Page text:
As on any live album by Ike & Tina Turner, there is no shortage of kinetic, up-tempo numbers on the two-disc “What You Hear Is What You Get,” which documents a 1971 performance at Carnegie Hall. But one of the best moments in the set comes when they play their soulful, slowed-down rendition of the Holland-Dozier-Holland classic “A Love Like Yours (Don’t Come Knocking Everyday),” first recorded by Martha and the Vandellas but completely deconstructed by the searing vocals of Tina Turner. (Listen on YouTube)

Lou Reed’s 1973 epic “Berlin” — a song cycle that tells the story of a doomed, drug-addled couple, Caroline and Jim — probably belongs on the short list of the most depressing albums of all time. But it’s also one of Reed’s greatest, one that was a gaping hole in the “R” section of my record collection. Please enjoy one of the least upsetting songs on the album (which is saying a lot about “Berlin,” since this song begins with the lyric, “How do you think it feels when you’re speeding and lonely?”). (Listen on YouTube)

And finally, from Roberta Flack’s 1969 debut album, “First Take,” here is her delicately beautiful cover of Leonard Cohen’s “Hey, That’s No Way to Say Goodbye.” I somehow did not appreciate the easy poetry of the lyric “Walk me to the corner/our steps will always rhyme,” until hearing it sung in Flack’s voice. (Listen on YouTube)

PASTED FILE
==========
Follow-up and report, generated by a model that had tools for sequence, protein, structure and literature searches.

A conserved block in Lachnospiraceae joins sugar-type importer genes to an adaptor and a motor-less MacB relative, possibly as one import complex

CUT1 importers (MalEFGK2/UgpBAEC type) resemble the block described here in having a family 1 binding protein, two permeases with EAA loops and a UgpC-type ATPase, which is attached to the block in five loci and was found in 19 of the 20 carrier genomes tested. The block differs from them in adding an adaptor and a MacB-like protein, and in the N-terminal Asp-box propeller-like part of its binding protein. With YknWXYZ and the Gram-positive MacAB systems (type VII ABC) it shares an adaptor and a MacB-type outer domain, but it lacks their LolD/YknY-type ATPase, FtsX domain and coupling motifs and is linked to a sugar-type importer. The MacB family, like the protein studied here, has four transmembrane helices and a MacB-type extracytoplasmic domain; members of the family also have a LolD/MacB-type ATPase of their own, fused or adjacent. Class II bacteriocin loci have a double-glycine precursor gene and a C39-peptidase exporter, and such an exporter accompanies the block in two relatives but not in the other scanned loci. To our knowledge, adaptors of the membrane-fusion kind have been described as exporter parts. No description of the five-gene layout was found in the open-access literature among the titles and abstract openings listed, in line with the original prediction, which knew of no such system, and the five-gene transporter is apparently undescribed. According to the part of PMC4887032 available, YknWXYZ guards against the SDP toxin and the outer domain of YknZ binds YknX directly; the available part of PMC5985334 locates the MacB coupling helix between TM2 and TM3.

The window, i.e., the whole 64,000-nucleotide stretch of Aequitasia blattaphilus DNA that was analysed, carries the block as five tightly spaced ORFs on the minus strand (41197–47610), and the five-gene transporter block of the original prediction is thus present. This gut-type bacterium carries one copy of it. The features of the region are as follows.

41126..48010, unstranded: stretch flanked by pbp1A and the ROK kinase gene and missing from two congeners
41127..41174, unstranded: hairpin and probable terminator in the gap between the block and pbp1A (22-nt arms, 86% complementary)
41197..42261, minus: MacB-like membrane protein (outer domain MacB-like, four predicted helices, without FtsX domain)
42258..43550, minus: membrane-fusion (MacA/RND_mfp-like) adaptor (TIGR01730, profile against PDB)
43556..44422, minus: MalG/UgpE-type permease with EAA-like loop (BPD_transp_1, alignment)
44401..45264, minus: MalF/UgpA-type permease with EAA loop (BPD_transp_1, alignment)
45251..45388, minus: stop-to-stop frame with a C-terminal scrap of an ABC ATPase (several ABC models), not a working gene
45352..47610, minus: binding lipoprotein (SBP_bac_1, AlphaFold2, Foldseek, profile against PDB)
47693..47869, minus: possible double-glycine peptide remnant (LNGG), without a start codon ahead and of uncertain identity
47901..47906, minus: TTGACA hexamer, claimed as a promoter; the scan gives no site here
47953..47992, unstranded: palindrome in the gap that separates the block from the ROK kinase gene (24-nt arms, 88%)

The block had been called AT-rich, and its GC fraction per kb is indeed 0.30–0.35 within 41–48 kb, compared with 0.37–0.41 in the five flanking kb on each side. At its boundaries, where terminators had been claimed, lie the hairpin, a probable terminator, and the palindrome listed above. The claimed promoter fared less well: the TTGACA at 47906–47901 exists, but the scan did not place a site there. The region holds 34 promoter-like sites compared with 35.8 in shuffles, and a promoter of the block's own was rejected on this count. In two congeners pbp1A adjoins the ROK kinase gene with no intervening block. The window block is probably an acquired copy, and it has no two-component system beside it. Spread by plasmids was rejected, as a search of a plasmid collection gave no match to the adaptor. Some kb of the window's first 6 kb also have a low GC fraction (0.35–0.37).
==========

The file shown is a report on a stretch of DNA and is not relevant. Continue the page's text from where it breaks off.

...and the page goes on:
I was thinking about diamonds and the world’s biggest necklace,


Listen on Spotify. We update this playlist with each new newsletter.

“My Haul from the WFMU Record Fair” track list
Track 1: The Beach Boys, “Whistle In”
Track 2: Kraftwerk, “Computer World”
Track 3: Dinosaur Jr., “In a Jar”
Track 4: Bob Dylan, “Isis”
Track 5: The Beach Boys, “Heroes and Villains”
Track 6: Ike & Tina Turner, “A Love Like Yours (Don’t Come Knocking Everyday)”
Track 7: Lou Reed, “How Do You Think It Feels”
Track 8: Roberta Flack, “Hey, That’s No Way to Say Goodbye”

How about some Waylon, after all?

I’ve also been listening to the Japanese ambient music pioneer Hiroshi Yoshimura’s recently reissued 1986 album “Surround,” originally composed to be played inside a certain company’s prefabricated homes. The critic Joshua Minsoo Kim wrote a lovely and informative review of the record for Pitchfork, noting that “Yoshimura seems to encourage listeners to focus their senses and notice how much music already surrounds us.” Listen if you want to feel like you’re living inside a drifting cloud.